**Are you an EPFL student looking for a semester project?**

Work with us on data science and visualisation projects, and deploy your project as an app on top of GraphSearch.

Publication# Hyper-reduced order models for parametrized unsteady Navier-Stokes equations on domains with variable shape

Abstract

In this work, we set up a new, general, and computationally efficient way to tackle parametrized fluid flows modeled through unsteady Navier-Stokes equations defined on domains with variable shape, when relying on the reduced basis method. We easily describe a domain by flexible boundary parametrizations, and generate domain (and mesh) deformations by means of a solid extension, obtained by solving a harmonic extension or a linear elasticity problem. The proposed procedure is built over a two-stage reduction: (i) first, we construct a reduced basis approximation for the mesh motion problem, irrespective of the fluid flow problem we focus on; (ii) then, we generate a reduced basis approximation of the unsteady Navier-Stokes problem, relying on finite element snapshots evaluated over a set of reduced deformed configuration, and approximating both velocity and pressure fields simultaneously. To deal with unavoidable nonaffine parametric dependencies arising in both the mesh motion and the state problem, we apply a matrix version of the discrete empirical interpolation method, allowing treating a wide range of geometrical deformations in an efficient and purely algebraic way. The same strategy is used to perform hyper-reduction of nonlinear terms. To assess the numerical performances of the proposed technique, we address the solution of parametrized fluid flows where the parameters describe both the shape of the domain and relevant physical features. Complex flow patterns such as the ones appearing in a patient-specific carotid bifurcation are accurately approximated, as well as derived quantities of potential clinical interest.

Official source

This page is automatically generated and may contain information that is not correct, complete, up-to-date, or relevant to your search query. The same applies to every other page on this website. Please make sure to verify the information with EPFL's official sources.

Related MOOCs (16)

Related concepts (33)

Related publications (37)

Plasma Physics: Introduction

Learn the basics of plasma, one of the fundamental states of matter, and the different types of models used to describe it, including fluid and kinetic.

Plasma Physics: Introduction

Learn the basics of plasma, one of the fundamental states of matter, and the different types of models used to describe it, including fluid and kinetic.

Plasma Physics: Applications

Learn about plasma applications from nuclear fusion powering the sun, to making integrated circuits, to generating electricity.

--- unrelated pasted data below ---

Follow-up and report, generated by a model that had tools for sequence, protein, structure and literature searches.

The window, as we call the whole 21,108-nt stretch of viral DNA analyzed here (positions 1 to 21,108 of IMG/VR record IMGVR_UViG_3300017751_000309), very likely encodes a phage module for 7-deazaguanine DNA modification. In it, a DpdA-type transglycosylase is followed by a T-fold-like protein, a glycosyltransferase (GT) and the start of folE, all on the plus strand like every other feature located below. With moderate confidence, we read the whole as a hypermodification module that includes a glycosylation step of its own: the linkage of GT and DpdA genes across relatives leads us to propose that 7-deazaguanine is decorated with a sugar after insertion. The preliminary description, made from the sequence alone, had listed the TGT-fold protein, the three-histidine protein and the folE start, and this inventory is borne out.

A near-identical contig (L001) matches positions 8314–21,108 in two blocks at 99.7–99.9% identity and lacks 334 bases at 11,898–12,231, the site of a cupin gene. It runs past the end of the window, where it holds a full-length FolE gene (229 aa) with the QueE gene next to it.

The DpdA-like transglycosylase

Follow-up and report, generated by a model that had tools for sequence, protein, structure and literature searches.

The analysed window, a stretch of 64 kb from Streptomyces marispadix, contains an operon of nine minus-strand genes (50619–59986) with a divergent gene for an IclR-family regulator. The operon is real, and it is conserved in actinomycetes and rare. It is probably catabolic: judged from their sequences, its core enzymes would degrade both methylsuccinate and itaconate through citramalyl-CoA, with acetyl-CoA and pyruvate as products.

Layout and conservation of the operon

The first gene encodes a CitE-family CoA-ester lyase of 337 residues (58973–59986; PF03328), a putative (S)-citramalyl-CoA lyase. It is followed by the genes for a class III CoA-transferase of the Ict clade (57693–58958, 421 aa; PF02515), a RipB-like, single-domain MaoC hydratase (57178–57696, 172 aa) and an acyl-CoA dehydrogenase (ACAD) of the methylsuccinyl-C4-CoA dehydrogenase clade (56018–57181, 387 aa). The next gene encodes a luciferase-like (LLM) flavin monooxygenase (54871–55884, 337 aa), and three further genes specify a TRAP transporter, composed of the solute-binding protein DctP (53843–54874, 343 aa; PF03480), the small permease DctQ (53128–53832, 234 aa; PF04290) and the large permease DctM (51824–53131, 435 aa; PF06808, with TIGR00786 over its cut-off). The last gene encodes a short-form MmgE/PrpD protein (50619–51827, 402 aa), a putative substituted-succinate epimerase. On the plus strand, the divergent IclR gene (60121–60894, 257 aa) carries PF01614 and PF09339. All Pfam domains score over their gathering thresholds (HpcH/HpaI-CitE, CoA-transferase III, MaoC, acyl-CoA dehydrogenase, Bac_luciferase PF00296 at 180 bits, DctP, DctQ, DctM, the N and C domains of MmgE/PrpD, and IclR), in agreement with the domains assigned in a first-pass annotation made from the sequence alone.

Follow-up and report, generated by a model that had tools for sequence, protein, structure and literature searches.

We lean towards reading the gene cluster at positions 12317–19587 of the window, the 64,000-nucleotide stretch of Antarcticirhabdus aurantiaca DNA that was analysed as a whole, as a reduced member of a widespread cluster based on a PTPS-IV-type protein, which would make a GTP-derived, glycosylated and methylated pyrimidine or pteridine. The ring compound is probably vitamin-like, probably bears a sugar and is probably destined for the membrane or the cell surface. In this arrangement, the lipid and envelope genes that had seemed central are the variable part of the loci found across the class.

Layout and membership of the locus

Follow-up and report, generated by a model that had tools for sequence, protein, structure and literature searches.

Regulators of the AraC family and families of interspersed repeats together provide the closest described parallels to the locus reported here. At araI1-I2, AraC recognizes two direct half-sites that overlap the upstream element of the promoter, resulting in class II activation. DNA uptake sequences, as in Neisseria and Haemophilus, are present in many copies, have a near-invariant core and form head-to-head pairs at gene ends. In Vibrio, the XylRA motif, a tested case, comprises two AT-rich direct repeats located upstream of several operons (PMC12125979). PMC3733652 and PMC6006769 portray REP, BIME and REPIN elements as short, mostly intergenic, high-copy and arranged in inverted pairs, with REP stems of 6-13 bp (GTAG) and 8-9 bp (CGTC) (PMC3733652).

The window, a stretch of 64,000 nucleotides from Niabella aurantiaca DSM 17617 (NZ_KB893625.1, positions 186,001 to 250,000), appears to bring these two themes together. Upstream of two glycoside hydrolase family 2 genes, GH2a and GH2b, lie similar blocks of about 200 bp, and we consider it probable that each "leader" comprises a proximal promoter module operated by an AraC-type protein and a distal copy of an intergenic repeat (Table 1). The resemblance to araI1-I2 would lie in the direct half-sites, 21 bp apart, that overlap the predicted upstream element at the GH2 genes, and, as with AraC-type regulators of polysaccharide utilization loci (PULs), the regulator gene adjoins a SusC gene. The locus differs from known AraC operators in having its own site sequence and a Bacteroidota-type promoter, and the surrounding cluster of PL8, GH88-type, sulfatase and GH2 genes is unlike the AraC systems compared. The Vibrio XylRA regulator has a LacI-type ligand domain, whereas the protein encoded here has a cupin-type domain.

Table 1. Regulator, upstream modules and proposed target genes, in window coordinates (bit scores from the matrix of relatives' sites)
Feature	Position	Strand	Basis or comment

Navier–Stokes equations

The Navier–Stokes equations (nævˈjeː_stəʊks ) are partial differential equations which describe the motion of viscous fluid substances, named after French engineer and physicist Claude-Louis Navier and Irish physicist and mathematician George Gabriel Stokes. They were developed over several decades of progressively building the theories, from 1822 (Navier) to 1842-1850 (Stokes). The Navier–Stokes equations mathematically express momentum balance and conservation of mass for Newtonian fluids.

Fluid dynamics

In physics, physical chemistry and engineering, fluid dynamics is a subdiscipline of fluid mechanics that describes the flow of fluids—liquids and gases. It has several subdisciplines, including aerodynamics (the study of air and other gases in motion) and hydrodynamics (the study of liquids in motion). Fluid dynamics has a wide range of applications, including calculating forces and moments on aircraft, determining the mass flow rate of petroleum through pipelines, predicting weather patterns, understanding nebulae in interstellar space and modelling fission weapon detonation.

Stokes flow

Stokes flow (named after George Gabriel Stokes), also named creeping flow or creeping motion, is a type of fluid flow where advective inertial forces are small compared with viscous forces. The Reynolds number is low, i.e. . This is a typical situation in flows where the fluid velocities are very slow, the viscosities are very large, or the length-scales of the flow are very small. Creeping flow was first studied to understand lubrication. In nature, this type of flow occurs in the swimming of microorganisms and sperm.

We present an efficient nodal discontinuous Galerkin method for approximating nearly incompressible flows using the Boltzmann equations. The equations are discretized with Hermite polynomials in velocity space yielding a first order conservation law. A sta ...

2019To enforce the conservation of mass principle, a pressure Poisson equation arises in the numerical solution of incompressible fluid flow using the pressure-based segregated algorithms such as projection methods. For unsteady flows, the pressure Poisson equ ...

2023We introduce the Reduced Immersed Method (RIM) for the real-time simulation of two-way coupled incompressible fluids and elastic solids and the interaction of multiple deformables with (self-)collisions. Our framework is based on a novel discretization of ...